DeAndre Yedlin Reveals Distressing Text From Grandfather Following George Floyd’s Death

USMNT and Newcastle United defender DeAndre Yedlin has penned a message of solidarity with George Floyd and the Black Lives Matter movement while revealing a gut wrenching text he received from his grandfather.

The 26-year-old has been in England since January of 2015 and with Newcastle for the past four seasons, and his grandfather said he’s glad that he’s “not living in the U.S. right now because he would fear for (his) life as a young black man.”

Yedlin has represented his country 62 times, including at the 2014 World Cup. Yedlin’s great-grandfather, Irving Schaffer, undertook 65 combat missions in a B-25 medium bomber during the Second World War. Yedlin’s grandfather was born in 1946, lived through the civil rights movement and raised Yedlin in Seattle.

Yedlin wrote the following message on Twitter on Tuesday: "A couple days after George Floyd's death, my grandfather texted me and told me he's glad that I am not living in the U.S. right now because he would fear for my life as a young black man. As days have passed, this text from my grandfather has not been able to leave my mind.

"He was born in 1946, lived through the civil rights movement, lived through some terribly racist times in U.S. history, and now 70 years later he STILL fears for the life of his black grandchild, in the country he and his grandchild were born in, in the country his grandchild represents when he plays for the United States, in the country his grandchild represents when he's playing in England.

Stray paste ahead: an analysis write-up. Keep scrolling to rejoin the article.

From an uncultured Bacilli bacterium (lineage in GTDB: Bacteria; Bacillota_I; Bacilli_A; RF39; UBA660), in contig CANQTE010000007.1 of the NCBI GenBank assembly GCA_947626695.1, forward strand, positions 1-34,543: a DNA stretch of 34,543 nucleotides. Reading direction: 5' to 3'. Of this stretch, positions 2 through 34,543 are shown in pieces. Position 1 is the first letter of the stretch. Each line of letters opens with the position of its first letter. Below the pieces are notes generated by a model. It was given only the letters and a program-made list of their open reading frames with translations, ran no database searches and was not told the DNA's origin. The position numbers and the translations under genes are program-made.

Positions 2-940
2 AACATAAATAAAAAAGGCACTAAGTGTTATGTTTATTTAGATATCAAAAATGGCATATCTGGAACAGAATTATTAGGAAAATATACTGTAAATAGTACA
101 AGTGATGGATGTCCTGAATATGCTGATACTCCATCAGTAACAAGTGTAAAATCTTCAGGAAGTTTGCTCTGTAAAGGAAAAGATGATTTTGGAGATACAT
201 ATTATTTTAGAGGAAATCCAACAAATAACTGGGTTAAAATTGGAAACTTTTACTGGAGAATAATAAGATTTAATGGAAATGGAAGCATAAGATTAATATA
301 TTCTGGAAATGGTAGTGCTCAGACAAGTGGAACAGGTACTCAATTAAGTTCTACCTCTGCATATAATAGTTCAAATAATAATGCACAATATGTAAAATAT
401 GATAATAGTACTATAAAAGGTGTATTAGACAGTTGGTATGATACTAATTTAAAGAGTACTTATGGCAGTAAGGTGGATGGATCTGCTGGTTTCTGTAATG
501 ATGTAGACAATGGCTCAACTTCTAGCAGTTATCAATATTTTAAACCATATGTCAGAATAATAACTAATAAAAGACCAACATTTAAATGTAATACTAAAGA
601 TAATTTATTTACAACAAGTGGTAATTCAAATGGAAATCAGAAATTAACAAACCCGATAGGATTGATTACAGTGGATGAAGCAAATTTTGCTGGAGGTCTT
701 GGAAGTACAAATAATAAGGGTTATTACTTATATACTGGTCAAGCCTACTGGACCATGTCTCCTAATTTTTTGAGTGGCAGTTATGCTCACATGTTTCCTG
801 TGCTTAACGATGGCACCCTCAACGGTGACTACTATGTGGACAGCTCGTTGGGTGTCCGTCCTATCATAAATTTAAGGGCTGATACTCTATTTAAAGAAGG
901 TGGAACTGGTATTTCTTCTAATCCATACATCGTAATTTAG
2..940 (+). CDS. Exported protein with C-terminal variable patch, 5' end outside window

"I remember being in elementary school, and having to recite the Pledge of Allegiance which ends ‘.. with liberty and justice for all.’ Every American needs to ask themselves, is there ‘liberty and justice for all’ and if their answer is yes, then they are part of the problem. 

"In no way are we asking black lives to matter more than white lives, all we're asking is we are seen as equal, as more than 3/5 of a man, as humans.

"My heart goes out in solidarity to George Floyd, his family, and all of the countless number of victims that have had their lives taken at the hands of meaningless police brutality."

That message of solidarity was repeated at Newcastle’s training ground this morning.

Other clubs in the Premier League, including Liverpool and Chelsea, have also shown their support.  

Many are also participating in Black Out Tuesday — “a one-day moratorium on business as usual” — including West Brom.  

West Brom

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